- Magnetic resonance imaging (MRI) of the elbow: An MRI is a more detailed scan that use radio waves and strong magnetic fields to produce clearer images of the bones and soft tissue that surrounds the elbow. An MRI scan may show increased fibrous tissue around the nerve
- Electromyography (EMG) of affected region: An EMG shows the electrical activity of the muscle during rest and contraction of the muscle. Examining the electrical activity may help a physician study any injury to the ulnar nerve within the elbow
- Nerve conduction velocity (NCV) of ulnar nerve: Nerve conduction velocity shows the speed at which electrical signals move through a nerve. Slowing of nerve conduction speed may indicate damage to the ulnar nerve
Many clinical conditions may have similar signs and symptoms. Your healthcare provider may perform additional tests to rule out other clinical conditions to arrive at a definitive diagnosis.
What are the possible Complications of Ulnar Nerve Entrapment at the Elbow?
Complications of Ulnar Nerve Entrapment at the Elbow include:
- Partial or complete loss of feeling or sensation of the hand and fingers
- Partial or complete loss of hand or wrist movement
- Chronic pain
- Emotional depression, due to an inability to participate in athletic, professional, or recreational activities
How is Ulnar Nerve Entrapment at the Elbow Treated?
The treatment measures for Ulnar Nerve Entrapment at the Elbow include both nonsurgical and surgical methods.
Nonsurgical treatment methods for Ulnar Nerve Entrapment at the Elbow include:
- Any activity that aggravates the elbow condition should be avoided. The physician may advise the individual to refrain from participating in any physical activities, till the pain stops or symptoms improve
- Applying ice (or a damp heated towel) to the elbow can help reduce pain and swelling
- Complete immobilization of the elbow with a cast may be required to restrict movement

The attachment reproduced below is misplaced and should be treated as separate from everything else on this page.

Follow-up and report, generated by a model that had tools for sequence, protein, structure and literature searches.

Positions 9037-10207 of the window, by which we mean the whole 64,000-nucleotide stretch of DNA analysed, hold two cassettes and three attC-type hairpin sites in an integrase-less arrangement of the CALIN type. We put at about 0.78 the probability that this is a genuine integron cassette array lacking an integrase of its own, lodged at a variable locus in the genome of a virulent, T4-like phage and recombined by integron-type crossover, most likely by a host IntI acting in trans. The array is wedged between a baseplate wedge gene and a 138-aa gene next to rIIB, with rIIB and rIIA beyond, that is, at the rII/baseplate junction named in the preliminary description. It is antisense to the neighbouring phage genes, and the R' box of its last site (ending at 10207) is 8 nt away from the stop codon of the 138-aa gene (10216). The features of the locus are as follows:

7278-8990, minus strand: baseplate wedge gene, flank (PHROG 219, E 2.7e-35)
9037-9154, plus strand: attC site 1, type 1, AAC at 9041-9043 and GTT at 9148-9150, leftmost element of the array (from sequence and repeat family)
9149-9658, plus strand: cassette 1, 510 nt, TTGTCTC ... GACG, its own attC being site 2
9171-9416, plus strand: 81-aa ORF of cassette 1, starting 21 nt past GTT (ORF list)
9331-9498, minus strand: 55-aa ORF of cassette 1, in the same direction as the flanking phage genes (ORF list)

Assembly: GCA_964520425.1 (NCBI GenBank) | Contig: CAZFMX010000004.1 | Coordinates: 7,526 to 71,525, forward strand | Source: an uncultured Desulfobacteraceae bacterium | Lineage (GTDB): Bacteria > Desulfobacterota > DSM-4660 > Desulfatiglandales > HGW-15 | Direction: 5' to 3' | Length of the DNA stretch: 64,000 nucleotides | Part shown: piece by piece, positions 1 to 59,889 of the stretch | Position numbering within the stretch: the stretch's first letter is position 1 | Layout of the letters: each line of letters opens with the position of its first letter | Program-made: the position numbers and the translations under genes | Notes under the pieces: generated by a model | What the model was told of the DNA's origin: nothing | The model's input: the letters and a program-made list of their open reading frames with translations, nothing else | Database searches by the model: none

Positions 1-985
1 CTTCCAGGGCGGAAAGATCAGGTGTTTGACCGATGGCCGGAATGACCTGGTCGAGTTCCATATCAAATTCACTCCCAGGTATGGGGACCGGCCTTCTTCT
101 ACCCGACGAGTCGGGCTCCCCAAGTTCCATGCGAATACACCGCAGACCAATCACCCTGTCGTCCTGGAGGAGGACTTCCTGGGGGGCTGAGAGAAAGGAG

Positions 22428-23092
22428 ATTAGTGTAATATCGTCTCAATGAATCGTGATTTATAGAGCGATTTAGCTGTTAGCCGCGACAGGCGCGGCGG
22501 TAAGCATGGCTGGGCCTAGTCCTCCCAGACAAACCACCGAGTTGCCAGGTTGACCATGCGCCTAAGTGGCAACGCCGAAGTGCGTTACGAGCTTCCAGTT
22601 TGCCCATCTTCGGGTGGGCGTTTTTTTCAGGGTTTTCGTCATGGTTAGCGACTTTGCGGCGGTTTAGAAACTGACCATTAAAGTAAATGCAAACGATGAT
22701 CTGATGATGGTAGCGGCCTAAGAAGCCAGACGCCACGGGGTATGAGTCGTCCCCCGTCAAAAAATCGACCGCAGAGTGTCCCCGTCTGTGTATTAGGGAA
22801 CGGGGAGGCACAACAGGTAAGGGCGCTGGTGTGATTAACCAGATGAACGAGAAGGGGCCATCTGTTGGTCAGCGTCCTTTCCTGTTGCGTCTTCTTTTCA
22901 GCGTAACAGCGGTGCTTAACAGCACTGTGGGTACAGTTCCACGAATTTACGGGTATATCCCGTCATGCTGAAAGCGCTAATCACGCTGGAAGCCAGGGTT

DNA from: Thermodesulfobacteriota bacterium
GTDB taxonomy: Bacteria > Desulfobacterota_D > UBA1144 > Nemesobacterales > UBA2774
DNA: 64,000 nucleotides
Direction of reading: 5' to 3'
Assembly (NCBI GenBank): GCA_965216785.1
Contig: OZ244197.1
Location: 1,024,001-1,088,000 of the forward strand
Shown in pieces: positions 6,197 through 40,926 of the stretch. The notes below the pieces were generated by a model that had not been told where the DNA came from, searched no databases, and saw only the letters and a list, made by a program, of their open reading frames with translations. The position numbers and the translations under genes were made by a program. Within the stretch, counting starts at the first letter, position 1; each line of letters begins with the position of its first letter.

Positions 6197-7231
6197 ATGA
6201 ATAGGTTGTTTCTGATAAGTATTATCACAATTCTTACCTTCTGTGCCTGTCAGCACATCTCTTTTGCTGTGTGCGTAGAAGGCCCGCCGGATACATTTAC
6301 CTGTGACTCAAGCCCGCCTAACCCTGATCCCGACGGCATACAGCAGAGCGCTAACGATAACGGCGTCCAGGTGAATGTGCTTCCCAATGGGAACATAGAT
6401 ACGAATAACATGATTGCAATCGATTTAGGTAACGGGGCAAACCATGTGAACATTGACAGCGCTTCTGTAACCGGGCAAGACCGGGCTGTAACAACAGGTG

- Non-steroidal anti-inflammatory oral medications, such as indomethacin and naproxen, may be used to treat Ulnar Nerve Entrapment at the Elbow. These medications can help decrease the pain and swelling
- Corticosteroid injections help in temporary relieving symptoms, such as pain, and in improving the range of motion
- It is important to begin some light exercises after the symptoms have decreased. Physical therapy may help restore strength, as well as flexibility in the muscles
Surgical treatment methods for Ulnar Nerve Entrapment at the Elbow include:
- Cubital tunnel release: In this procedure, the cubital tunnel ligament in the elbow is cut and divided, thereby decreasing pressure on the nerve. A part of the wall of the cubital tunnel is a ligament, which is a tough, fibrous band connecting two bones
- Anterior transposition of the ulnar nerve: This procedure entails surgically moving the nerve to reduce stress
How can Ulnar Nerve Entrapment at the Elbow be Prevented?
Currently, there are no preventative measures for Ulnar Nerve Entrapment at the Elbow. However, following certain guidelines may help decrease any abnormal pressure on the ulnar nerve. These guidelines include:
- Avoiding “stress” on the arm, when the elbow is in a bent position
- Maintaining a good posture; ensuring proper use of the elbow and arms
- Avoiding leaning on the elbow
What is the Prognosis of Ulnar Nerve Entrapment at the Elbow? (Outcomes/Resolutions)
- The long-term prognosis of Ulnar Nerve Entrapment at the Elbow is usually good in a majority of the individuals
- When properly treated, under the guidance of a physiotherapist and specialist, a high percentage of individuals regain their full strength and range of motion
- Severe cases of Ulnar Nerve Entrapment at the Elbow may take several months of intense physical therapy to heal and recover completely
- Early physiotherapy is extremely important to hasten the recovery time
Additional and Relevant Useful Information for Ulnar Nerve Entrapment at the Elbow:
- When compression of the ulnar nerve occurs at the elbow, it is called "Ulnar Nerve Entrapment at the Elbow”. When compression of the ulnar nerve occurs at the wrist, it is called “ulnar tunnel syndrome of the wrist”
- After carpal tunnel syndrome, Ulnar Nerve Entrapment is the second most frequent entrapment neuropathy
Reviewed and Approved by a member of the DoveMed Editorial Board
First uploaded: Aug. 24, 2014
Last updated: May 20, 2018